Friday, 17 September 2010

Carrot Cake

Carrot cake is something of a favourite in this country but I wonder if you know how it came about, you know throwing veg into a cake?

Although a relatively simple cake made individual by the type of oil and spices used, the history of cake dates back to ancient times. The first cakes were very different from what we eat today. They were more bread-like and sweetened with honey. Nuts and dried fruits were often added. According to the food historians, the ancient Egyptians were the first culture to show evidence of advanced baking skills. The Oxford English Dictionary traces the English word cake back to the 13th century. It is a derivation of 'kaka', an Old Norse word. Medieval European bakers used vegetables regularly in their puddings, often making fruitcakes and gingerbread. These foods could last for many months.

According to the food historians, the precursors of modern cakes (round ones with icing) were first baked in Europe sometime in the mid-17th century. This is due to primarily to advances in technology (more reliable ovens, manufacture/availability of food molds) and ingredient availability (refined sugar). At that time cake hoops (round molds for shaping cakes) that were placed on flat baking trays, were popular. They could be made of metal, wood or paper. Some were adjustable. The first icing was usually a boiled composition of the finest available sugar, egg whites and, sometimes, flavorings. The icing was poured on the cake and returned to the oven for a while. When removed the icing cooled quickly to form a hard, glossy covering. Many cakes made at this time still contained dried fruits (raisins, currants, citrons) and are the predecessor of our rich fruit cake.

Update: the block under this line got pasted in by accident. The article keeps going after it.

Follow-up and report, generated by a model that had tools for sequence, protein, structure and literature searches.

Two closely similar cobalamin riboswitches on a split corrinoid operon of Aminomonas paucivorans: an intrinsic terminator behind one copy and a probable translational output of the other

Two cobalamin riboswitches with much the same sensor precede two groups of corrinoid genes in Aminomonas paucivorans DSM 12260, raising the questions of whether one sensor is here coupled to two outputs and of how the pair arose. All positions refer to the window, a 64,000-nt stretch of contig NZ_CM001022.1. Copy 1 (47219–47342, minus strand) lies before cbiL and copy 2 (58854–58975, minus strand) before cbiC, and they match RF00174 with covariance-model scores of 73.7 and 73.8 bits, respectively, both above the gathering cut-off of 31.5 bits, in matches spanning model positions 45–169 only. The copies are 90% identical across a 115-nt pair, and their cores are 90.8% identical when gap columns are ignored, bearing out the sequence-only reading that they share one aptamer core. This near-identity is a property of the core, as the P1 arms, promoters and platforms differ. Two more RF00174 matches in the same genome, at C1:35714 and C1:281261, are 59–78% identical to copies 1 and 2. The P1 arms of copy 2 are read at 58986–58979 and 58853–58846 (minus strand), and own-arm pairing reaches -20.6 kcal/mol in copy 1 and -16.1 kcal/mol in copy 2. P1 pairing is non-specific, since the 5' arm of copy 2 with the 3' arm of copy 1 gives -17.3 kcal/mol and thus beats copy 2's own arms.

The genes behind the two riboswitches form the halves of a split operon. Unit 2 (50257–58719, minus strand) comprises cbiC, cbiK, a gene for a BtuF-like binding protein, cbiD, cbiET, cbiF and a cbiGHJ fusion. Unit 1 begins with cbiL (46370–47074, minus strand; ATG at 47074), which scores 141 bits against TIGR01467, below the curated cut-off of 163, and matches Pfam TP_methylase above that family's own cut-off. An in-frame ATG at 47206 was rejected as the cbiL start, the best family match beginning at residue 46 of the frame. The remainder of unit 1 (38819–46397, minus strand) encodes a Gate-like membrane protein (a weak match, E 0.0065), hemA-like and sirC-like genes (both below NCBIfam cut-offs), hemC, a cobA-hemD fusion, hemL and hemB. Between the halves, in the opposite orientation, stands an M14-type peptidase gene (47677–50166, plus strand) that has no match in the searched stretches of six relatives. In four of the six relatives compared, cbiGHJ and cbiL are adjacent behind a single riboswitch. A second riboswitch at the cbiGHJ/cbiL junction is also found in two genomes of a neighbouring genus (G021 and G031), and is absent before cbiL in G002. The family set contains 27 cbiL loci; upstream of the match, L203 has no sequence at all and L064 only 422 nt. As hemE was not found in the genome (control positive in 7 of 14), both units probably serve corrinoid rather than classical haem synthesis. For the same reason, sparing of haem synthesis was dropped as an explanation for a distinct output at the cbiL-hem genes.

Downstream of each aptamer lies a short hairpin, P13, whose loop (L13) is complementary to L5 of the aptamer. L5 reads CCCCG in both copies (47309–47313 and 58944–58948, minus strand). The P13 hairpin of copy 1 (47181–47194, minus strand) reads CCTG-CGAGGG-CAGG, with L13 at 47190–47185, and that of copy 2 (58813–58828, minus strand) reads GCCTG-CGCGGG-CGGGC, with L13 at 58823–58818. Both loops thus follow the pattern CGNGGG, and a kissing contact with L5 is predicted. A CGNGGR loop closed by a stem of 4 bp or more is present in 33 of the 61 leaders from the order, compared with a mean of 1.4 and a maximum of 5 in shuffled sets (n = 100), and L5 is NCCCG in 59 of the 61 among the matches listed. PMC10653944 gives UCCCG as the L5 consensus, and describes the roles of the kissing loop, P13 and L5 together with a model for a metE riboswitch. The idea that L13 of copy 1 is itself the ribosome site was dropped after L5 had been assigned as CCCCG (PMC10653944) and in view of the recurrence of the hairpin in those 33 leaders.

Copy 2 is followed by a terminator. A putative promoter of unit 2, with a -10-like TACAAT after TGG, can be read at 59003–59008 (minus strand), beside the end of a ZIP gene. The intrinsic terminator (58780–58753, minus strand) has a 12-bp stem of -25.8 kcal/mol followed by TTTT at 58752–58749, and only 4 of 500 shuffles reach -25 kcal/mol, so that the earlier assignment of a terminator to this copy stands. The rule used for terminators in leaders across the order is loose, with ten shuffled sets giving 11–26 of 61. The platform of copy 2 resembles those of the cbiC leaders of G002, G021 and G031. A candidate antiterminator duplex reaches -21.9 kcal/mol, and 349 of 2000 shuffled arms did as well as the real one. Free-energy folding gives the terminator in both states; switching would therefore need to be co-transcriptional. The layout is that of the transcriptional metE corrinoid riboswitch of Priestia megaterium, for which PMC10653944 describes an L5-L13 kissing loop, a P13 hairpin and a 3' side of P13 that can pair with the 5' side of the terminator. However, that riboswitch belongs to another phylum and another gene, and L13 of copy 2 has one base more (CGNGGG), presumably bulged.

It was not until the middle of the 19th century that cake as we know it today (made with extra refined white flour and baking powder) arrived on the scene. Butter-cream frostings (using butter, cream, icing sugar and flavourings) began replacing traditional boiled icings in first few decades 20th century.

However, it was the second world war and rationing that saw a true revival of this cake as again sugar was scarce. And it wasn't until the 1960s that it became popular in America, possibly reaching its peak in the 1970s but still a true tea room favourite today!

If all this has made you hungry, help yourself to a slice! My weekly club will be receiving this today themselves so look out for reviews on twitter!